I get that people think it’s just a bunch of smarty-pants in white lab coats saying Eureka every once in a while, but that is pretty far from reality.

      Reply
    2. The Rev Kev

      Frankly I have no idea if this was natural or the result of a lab leak though I am inclined to believe it to be the former. Certainly political forces have decided on the later to put China on the defensive and hinder its development so who needs truth? The waters have been so thoroughly muddied at the moment that we may never know the origin of this virus but the fact is that this may have unwelcome consequences.

      We all know that viruses can develop in any place depending on circumstances and random evolutionary factors. So the next virus or bacteria which causes a pandemic may start in places for example like Nigeria or Kansas or Greece or Tierra del Fuego or even Tokyo. So you think that if an outbreak started in one of those places in the next few decades, that they will shout for help and aid to help stomp it out. Or do they?

      They saw what was done to China in the 20-21 outbreak and may not want the same to happen to them. The accusations, the threats, the demands for compensation. So they dummy up and try to control this outbreak by themselves until it is too late and it has already spread near and far. And then it is Katy bar the door.

      Reply
      1. fresno dan

        The Rev Kev
        June 9, 2021 at 9:16 am
        https://www.reuters.com/article/us-usa-anthrax-labs-analysis/how-to-fix-u-s-biosecurity-leaks-close-some-labs-idUSKBN0FJ0BC20140714

        If humans are involved, errors, shortcuts, mistakes, and screw ups will abound. The only way to assure that no planes crash is that no planes fly. (but commercial aviation safety is remarkable). Lab leaks occur because people are too sanguine about the risks, and people get careless and don’t want to bother with all the procedures, and tediousness of following lab safety protocols. I did not work in a level 3 lab, but just working in a level 2 was a GIANT PAIN in the A$$. Pretty much an hour of getting ready to work, and an hour cleaning up after work, for 20 minutes of work. You can see how people just get worn down by it. People are in a hurry. It is very expensive to do it right.
        Was it from a Chinese lab? Maybe. If it was, the Chinese should improve their safety procedures.
        But whether it was or not, viral research is going to continue – there are too many natural contagions to ignore.

        Reply
    3. PlutoniumKun

      Despite the best efforts to marginalise him, Weinstein is increasingly looking like he’s been on the right track. He is of course right that if it was a lab leak, we need to know, because we need to know if the risks of carrying out gain of function (or other forms of viral manipulation) are greater than the potential benefits.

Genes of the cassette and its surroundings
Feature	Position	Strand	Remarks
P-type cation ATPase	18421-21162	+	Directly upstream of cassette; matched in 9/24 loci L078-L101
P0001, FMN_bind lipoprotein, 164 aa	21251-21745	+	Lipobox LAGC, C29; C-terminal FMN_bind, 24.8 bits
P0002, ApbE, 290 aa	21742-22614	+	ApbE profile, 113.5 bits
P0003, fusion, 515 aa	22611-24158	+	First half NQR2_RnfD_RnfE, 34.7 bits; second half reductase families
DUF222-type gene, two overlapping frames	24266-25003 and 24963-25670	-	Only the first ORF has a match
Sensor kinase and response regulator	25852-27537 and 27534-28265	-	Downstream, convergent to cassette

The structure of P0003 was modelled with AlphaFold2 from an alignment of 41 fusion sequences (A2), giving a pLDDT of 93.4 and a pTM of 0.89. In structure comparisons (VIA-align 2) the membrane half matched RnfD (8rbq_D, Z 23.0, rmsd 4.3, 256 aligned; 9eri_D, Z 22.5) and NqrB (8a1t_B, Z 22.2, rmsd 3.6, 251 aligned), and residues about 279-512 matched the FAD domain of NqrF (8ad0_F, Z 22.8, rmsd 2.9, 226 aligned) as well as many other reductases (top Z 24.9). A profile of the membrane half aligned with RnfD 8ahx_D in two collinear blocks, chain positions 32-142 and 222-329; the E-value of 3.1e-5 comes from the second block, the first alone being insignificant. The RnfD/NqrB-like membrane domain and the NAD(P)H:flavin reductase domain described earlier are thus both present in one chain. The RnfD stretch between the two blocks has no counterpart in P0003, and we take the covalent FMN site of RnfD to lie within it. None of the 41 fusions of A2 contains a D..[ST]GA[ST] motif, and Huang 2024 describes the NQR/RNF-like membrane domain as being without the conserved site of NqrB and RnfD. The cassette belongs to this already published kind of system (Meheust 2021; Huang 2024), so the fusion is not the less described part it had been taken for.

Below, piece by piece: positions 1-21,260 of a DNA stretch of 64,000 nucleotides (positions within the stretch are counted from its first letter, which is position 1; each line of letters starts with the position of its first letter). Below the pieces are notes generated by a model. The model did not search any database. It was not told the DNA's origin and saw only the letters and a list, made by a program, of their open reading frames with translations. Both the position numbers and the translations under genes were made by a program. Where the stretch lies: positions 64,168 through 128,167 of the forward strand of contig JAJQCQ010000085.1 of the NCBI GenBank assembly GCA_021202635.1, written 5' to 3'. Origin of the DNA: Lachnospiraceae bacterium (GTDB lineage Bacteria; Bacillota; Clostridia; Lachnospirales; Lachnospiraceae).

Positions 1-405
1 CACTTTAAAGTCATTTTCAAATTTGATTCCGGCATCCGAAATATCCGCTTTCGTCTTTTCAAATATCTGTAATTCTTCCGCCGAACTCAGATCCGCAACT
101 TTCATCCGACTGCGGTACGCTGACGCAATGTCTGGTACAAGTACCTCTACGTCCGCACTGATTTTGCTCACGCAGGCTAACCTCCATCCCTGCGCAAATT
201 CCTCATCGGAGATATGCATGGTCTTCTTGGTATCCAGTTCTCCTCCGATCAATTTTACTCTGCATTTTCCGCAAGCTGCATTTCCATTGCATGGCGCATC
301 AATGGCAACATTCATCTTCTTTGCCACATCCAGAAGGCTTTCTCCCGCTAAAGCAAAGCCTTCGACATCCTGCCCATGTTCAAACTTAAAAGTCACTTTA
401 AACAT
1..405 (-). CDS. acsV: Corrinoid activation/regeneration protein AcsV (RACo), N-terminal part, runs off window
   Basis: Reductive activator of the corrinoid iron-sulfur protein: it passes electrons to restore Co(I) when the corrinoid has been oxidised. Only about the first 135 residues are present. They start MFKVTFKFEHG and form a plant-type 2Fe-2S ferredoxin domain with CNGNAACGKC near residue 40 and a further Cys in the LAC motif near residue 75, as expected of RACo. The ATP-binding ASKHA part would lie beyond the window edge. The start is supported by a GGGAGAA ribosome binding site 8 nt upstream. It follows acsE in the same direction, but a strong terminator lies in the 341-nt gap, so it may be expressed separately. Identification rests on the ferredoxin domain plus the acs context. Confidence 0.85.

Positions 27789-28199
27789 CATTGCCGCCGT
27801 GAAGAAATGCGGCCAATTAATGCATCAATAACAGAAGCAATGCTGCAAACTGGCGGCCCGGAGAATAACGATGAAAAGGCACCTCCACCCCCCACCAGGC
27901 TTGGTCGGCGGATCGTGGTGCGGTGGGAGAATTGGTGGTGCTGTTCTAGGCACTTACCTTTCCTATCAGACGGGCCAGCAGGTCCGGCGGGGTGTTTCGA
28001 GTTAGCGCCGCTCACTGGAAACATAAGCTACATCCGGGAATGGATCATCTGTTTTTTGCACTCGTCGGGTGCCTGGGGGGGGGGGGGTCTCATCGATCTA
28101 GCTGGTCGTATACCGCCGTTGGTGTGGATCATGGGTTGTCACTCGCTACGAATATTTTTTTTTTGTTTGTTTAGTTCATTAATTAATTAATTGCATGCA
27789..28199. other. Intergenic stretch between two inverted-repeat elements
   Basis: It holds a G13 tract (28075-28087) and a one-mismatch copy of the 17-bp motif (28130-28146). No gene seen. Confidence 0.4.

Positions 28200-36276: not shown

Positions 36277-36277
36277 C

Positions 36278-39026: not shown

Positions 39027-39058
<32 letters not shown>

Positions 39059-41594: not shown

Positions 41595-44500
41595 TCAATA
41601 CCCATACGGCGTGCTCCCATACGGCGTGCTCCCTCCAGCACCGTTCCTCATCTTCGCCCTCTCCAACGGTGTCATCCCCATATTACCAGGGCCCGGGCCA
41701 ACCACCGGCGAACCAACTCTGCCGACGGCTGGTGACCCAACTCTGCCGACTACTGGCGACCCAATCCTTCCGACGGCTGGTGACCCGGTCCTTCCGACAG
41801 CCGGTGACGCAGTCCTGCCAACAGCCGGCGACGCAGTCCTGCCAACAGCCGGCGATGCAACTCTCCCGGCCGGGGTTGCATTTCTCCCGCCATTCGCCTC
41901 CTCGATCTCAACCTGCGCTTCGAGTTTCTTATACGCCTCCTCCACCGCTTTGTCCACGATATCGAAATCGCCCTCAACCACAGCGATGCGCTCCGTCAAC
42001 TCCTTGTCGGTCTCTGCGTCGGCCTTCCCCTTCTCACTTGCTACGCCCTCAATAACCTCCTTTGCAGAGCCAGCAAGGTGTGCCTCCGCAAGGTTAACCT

Reply
      1. The Rev Kev

        You think that it might be an idea if that countries want to do gain of function research, that they should do so on an isolated island somewhere? There are at least two thousand islands in the world and I am sure that one or two can be found that would be suitable. One that would preferably be very small and off the shipping routes – and that is uninhabited.

        Reply
          1. Isotope_C14

            A census taker once tried to test me, I ate his liver with some fava beans and a nice Chianti. SsSsSsSs

            Reply
        1. tegnost

          i don’t think there’s anything going on in jurassic park, or on the island of doctor moreau so we could do it on those islands…

          Reply
        2. PlutoniumKun

          There are quite a few islands that have been used for what used to be called germ warfare testing. Gruinard Island off Scotland was most notorious but I think the Soviets had one in the Aral Sea and there was one off Long Island NY I think.

          Reply
          1. Gaianne

            “there was one off Long Island NY”

            That was Plum Island, as Dean mentioned, off the northeast tip of Long Island, New York. It was used for bioweapons research for several decades after World War II, with, in its later years, the Department of Agriculture serving as cover.

            Lyme Disease may have been developed there–from a less virulent European variety of spirochete,for intended use against against Soviet cattle–and then accidentally escaped: But this is officially denied, and labeled Conspiracy Theory.

            –GaIanne

            Reply
    4. pjay

      Thanks for this. The article by Weinstein makes a number of good points which I think add to the discussion. He also says this, for those who would just “trust the science”:

      “…Science is an astonishing process that is capable of liberating us and making us both wiser and safer. But wisdom and safety are not guaranteed. Everything about the conduct of science depends on the incentives around it; if we want wisdom, insight and safety, then those are the values that must be rewarded in our scientific establishment.”

      “But as it stands, science is plagued by a system of perverse incentives in which scientists are condemned to constantly compete for jobs and grant money just to stay in the game. The repercussions of this have been clear for decades, as scientists exaggerate, distort and mislead in order to get their own work (or their field’s work) funded.”

      Who controls this process, and for what? Unfortunately, any “scientific” determination of COVID origins is subject to the same questions, which is why Caitlin Johnstone’s caution about pushing the lab-leak hypothesis is also appropriate:

      https://caityjohnstone.medium.com/tom-cotton-explains-why-warmongers-love-the-wuhan-lab-leak-theory-1bf57221c712